Wow your Audience in impromptu speaking! The Hook
Wow your audience - The Hook

Wow your audience – The Hook

This is the first in the impromptu Speaking Success© series

You get up on stage. Your heart is racing. Your palms are sweating. In front of you, a sea of faces stare up.  It’s your audience, mostly men in suits, anticipating your every word and expecting nothing unique or earth shattering, interesting, hopefully, memorable, perhaps. What are you now going to do?  Surprise them.

You stand there, tall and silent, and watch them. You’re enjoying the powerful pause that’s now getting their attention. And then you open your mouth and say your opening words. Did they wake them up? Or did they send them to sleep?  The difference is what advertisers and storytellers call the Hook. And it starts with your opening lines.

The Hook

Taking a leaf out of the advertising and storytelling world, here are a few tips on how you can hook your audience into your speech when all around you attention spans are limited and audience retention a challenge.  Used for press releases, storytelling, books, film, TV serials, and also in speeches, the purpose of the hook lies in the first 30” of any speech: How can I grab my audience’s attention?

Your opening words set the tone of your speech, drawing the audience in and capturing their imagination.  Think back to the last time you watched a TED speech or sitcom?  What was it that made you decide to continue to listen?

Here’s how a storyteller I knew hooked me into his speech:

‘It wasn’t the first night in prison that was the worst. Nor was it the second. It was the third night.’

  He had me immediately hooked! What could be worse than prison? Why was he in prison? What had he done?  I wanted to hear the end of his story.  And he had cleverly drawn me in, hook, line and sinker, and captured my attention.

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 What’s your hook?

Here are more 4 effective creative devices you can use to hook your audience in.

  • Ask a rhetorical question: When was the last time you spent quality time with your family? How ambitious are you? What’s your purpose in life? Why do you do what you do?
  •  Make a strong statement: Women are a talent pool you can no longer ignore. Europe is no longer competitive. Education is to poverty like aspirin is to a headache: it eliminates it.
  •  Tell an inspirational quote: Luck is when opportunity meets preparation. If it is meant to be, it is up to me. If you keep doing the same thing over and over again don’t be surprised you get the same result.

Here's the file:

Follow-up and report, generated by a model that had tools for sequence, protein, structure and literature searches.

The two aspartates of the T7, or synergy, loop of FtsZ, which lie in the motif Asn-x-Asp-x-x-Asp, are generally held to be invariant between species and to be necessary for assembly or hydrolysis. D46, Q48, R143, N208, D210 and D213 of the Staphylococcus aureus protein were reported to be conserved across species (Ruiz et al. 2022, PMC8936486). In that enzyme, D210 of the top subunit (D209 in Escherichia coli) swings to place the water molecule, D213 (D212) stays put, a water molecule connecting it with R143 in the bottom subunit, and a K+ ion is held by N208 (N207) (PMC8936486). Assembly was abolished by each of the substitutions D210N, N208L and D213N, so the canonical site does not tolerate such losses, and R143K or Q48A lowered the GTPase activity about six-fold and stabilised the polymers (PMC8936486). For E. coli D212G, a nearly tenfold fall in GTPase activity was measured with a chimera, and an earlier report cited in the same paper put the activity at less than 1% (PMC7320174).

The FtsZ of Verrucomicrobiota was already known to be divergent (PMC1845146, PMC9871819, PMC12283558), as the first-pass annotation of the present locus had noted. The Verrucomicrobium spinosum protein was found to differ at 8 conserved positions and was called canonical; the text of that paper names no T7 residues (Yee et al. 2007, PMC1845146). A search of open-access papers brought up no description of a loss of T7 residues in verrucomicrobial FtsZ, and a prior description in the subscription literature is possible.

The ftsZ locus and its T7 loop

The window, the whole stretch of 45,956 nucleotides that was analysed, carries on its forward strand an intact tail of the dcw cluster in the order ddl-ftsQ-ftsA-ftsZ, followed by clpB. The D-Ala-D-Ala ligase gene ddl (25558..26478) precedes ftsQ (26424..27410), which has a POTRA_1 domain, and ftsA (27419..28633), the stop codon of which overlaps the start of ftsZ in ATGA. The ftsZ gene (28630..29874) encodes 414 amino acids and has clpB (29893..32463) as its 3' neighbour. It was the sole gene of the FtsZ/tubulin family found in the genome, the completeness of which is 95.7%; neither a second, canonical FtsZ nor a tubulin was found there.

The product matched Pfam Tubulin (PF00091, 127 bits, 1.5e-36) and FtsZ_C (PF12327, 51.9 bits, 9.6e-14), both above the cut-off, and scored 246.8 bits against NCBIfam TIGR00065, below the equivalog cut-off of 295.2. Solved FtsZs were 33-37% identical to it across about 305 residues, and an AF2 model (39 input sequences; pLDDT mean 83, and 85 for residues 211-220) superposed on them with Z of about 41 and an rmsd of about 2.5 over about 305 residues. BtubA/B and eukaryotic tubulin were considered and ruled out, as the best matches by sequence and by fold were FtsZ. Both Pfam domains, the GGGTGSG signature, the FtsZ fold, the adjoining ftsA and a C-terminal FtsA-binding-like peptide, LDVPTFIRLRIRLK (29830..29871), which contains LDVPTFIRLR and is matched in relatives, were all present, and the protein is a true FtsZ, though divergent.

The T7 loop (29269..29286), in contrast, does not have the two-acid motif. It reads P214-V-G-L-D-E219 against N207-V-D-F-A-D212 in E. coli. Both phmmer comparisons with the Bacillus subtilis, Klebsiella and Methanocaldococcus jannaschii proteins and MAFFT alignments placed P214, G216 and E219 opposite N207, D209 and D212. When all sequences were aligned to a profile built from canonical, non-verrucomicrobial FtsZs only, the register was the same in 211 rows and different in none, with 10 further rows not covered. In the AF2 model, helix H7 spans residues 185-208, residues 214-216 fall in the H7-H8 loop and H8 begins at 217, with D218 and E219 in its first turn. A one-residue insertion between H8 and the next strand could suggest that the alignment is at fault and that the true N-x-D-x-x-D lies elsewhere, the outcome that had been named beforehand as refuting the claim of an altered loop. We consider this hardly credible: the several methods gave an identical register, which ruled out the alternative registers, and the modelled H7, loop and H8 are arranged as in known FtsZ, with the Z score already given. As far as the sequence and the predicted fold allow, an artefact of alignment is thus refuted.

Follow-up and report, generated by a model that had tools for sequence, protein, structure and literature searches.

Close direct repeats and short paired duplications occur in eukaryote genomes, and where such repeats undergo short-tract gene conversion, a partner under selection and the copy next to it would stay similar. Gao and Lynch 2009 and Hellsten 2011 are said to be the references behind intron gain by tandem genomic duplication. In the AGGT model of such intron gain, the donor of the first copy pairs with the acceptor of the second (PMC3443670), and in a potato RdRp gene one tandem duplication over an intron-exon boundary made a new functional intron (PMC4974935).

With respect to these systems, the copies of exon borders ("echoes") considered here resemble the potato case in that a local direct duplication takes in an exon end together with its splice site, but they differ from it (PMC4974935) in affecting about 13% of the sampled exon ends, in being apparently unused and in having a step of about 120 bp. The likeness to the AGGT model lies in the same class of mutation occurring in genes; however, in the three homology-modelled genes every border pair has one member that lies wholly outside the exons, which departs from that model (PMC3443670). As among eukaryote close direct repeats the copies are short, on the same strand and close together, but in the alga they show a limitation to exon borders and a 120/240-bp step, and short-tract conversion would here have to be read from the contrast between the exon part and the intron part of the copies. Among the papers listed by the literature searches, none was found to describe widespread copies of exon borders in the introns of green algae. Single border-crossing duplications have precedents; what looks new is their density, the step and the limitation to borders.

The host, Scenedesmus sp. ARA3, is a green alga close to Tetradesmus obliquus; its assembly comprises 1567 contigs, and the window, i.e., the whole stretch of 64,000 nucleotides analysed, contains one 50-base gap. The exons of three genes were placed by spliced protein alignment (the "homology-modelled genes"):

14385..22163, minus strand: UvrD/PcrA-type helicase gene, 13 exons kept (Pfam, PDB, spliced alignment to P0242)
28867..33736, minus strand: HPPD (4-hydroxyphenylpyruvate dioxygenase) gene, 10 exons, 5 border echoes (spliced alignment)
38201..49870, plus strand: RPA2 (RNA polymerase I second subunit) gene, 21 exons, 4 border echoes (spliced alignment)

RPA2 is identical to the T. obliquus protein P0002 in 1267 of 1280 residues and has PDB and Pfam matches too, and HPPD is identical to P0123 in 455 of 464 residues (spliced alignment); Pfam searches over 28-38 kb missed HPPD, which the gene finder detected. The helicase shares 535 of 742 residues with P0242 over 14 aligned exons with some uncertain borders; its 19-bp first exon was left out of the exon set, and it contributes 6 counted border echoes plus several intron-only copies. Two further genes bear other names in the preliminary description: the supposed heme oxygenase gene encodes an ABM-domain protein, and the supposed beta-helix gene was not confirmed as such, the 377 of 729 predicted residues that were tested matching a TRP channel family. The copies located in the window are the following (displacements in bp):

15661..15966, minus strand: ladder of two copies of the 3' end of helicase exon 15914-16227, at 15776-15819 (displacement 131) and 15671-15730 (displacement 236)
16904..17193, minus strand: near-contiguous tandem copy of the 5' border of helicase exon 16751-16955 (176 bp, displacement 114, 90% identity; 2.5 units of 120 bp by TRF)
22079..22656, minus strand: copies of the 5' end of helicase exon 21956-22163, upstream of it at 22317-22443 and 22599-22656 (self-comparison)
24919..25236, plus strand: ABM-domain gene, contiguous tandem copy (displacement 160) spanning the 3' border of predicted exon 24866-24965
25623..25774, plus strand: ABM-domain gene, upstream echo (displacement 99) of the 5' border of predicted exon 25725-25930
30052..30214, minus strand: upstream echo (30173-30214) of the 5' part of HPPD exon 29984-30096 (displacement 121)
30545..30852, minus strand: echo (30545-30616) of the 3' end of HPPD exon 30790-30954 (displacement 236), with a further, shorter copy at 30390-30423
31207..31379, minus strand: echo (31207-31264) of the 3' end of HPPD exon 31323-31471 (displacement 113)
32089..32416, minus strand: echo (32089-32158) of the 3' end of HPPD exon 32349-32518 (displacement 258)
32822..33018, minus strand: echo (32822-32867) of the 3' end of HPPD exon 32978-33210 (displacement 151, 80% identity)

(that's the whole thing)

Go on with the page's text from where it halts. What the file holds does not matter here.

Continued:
• Pick an original title: Attracting people to listen to your talk starts with an attention grabbing title. Why do we buy a magazine? Why do we read some articles and not others? What makes us choose which workshop? Headlines sell. And your speech title is no different.  It’s your first hook, along with your opening lines.

Listen to how Melissa Marshall hooks us into her speech, first with her attention grabbing title, “Talk Nerdy to Me” and then with Alice in/ Wonderland, and that’s just for starters:

Look out for the sequel in the Speaking Success© series: The Hold.

3Plus, Personal & Professional Development
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Bridge your communications gap with Sandra Lizioli, Communications Consultant, Speaker and Coach. Sandra tackles impromptu speaking and the art of spontaneity to get your message across with clarity, confidence and conviction, even when unprepared.

1 Comment

  • Craig Hadden says:

    Brilliant! Both the prison story and the strong statements really set up that what’s next will explain what’s been said.

    I love your concrete examples, so thanks for sharing them!

    A similar approach I used recently was, “When I was 10 years old, a hole was torn in my life.” Again, that’s a dramatic line that makes people yearn to hear what follows.

    Intriguing people works well not only at the start, but throughout a talk. Would love to hear your thoughts on 8 techniques I suggest for doing that:

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